the base of the spine, inserted like a wedge between the two hip
bones). By placing instruments through a small incision near the
rectum towards the spine, the disc is accessed through a series
of cannulas (hollow surgical tubes) and drills. This allows the
disc material to be removed from the disc space. After the disc
material is removed, bone grafting can be placed into the hole
that is created. This disc space is then supported by a tapered
screw placed into the bones. So far, this device has had minimal
post-surgical study and is most likely best done in conjunction
with standard screw and rod fusion techniques.

Flexible Rods:  There has been some recent excitement around
rod and screw systems that are so-called “non-fusion” fusion
devices. This confusing name infers that, although the intent of
the screws and rods is for the bones to not move, these devices
are designed to allow some movement. As was discussed earlier in
this article, fusion is the solid connection of bones that had
previously moved.  The idea of these flexible rods is to provide
“enough” stability to allow the bones to fuse together, but not
enough to change the forces in the spine. This is termed a
“soft-fusion”. At this point, there is no concensus as to how
much or how little support is needed to achieve this goal. It is
known that current screw and rod systems provide enough support
to allow a fusion to occur while providing complete immobility
of the vertebrae. Other than this complete connection, the
amount of support less than complete immobility has not been
defined and at this point is still under investigation.

Disc Replacement: Disc replacement was developed as an
alternative to fusion and is suggested for those discs that have
ruptured, but in which the bone structure is still good. If only
the disc has gone bad, removal of the disc leaves a space that
we normally fill with bone graft to promote fusion in the neck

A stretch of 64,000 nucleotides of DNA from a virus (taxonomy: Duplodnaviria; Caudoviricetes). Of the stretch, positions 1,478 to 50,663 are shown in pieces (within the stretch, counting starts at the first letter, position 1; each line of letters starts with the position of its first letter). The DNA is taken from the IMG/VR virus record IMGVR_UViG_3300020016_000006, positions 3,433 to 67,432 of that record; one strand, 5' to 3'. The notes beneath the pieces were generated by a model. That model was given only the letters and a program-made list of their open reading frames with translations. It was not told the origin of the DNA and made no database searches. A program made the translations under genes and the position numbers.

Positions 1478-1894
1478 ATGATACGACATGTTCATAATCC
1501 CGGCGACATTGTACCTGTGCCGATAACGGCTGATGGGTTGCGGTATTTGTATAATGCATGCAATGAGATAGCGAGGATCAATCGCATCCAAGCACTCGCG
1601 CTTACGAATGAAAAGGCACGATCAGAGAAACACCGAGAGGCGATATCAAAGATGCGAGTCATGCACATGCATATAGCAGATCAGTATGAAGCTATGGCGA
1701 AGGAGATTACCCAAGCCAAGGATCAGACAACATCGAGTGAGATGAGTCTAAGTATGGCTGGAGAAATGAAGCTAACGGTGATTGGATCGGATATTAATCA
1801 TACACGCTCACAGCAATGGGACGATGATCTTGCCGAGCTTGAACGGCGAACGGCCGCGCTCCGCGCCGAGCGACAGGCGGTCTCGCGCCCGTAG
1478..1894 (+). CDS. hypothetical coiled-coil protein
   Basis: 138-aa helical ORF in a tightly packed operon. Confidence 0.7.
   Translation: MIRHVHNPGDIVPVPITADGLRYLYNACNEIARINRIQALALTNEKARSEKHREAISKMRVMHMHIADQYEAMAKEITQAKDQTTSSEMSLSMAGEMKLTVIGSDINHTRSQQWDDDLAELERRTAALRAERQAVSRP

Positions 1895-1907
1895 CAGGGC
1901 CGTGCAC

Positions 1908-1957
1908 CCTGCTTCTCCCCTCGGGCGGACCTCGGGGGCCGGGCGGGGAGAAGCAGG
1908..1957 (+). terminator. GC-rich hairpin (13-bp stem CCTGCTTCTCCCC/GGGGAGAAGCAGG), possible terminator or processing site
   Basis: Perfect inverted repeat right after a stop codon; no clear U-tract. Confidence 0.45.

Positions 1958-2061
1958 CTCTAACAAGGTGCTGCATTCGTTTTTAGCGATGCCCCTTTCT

or lower back. With the development of the disc replacement, the
space that is left from disc removal can be filled with a device
that allows motion, rather than fusion. This is a complete
reversal in the approach to disc removal; from complete
immobility to complete mobility. Disc replacement is intended to
maintain the motion in the spine. This reconstruction of the
spine should maintain the forces across the discs in the spine
to prevent the other discs from deteriorating any more rapidly
than their normal degenerative process. Disc replacement in the
lumbar spine has met with some success in well-selected
patients. It has not been a panacea for all patients with low
back pain or degenerative disc disease. Disc replacement in the
cervical spine has had good success, as most neck fusions are
done for bad discs with the bones being in good condition.

Improved training, including advanced specialty training in
fellowship programs, as well as improved implants, has decreased
most surgical procedure times to 2 hours or less. Historically,
older techniques have been known to take 4-6 hours for the
operation alone. By decreasing operative times, surgeons have
seen decreased complications from the anesthesia, as well as
decreased risks of infection and blood loss.  Most surgeries
under 2 hours will not require a blood transfusion.

A well-informed patient, who understands the benefits and the
risks of their surgery, can fully participate in the choices
that need to be made about their surgery. If you have been told
that you need a spine fusion, ask questions and do your
research. It is appropriate to ask your surgeon about their
experience performing spinal fusions, how many of the fusion
procedures they perform, how long the operation will take and
the likelihood of needing a blood transfusion. Selecting a
well-qualified surgeon can help ensure the best outcome for you
and the success of your spinal fusion.

About the Author: Dr. Jeffrey R. Carlson is a doctor at the
Orthopaedic and Spine Center, a leading provider of Suffolk
orthopedics services such as Suffolk spine surgery, Suffolk knee
surgery, and Suffolk pain management. The Orthopaedic and Spine
Center can be found online at: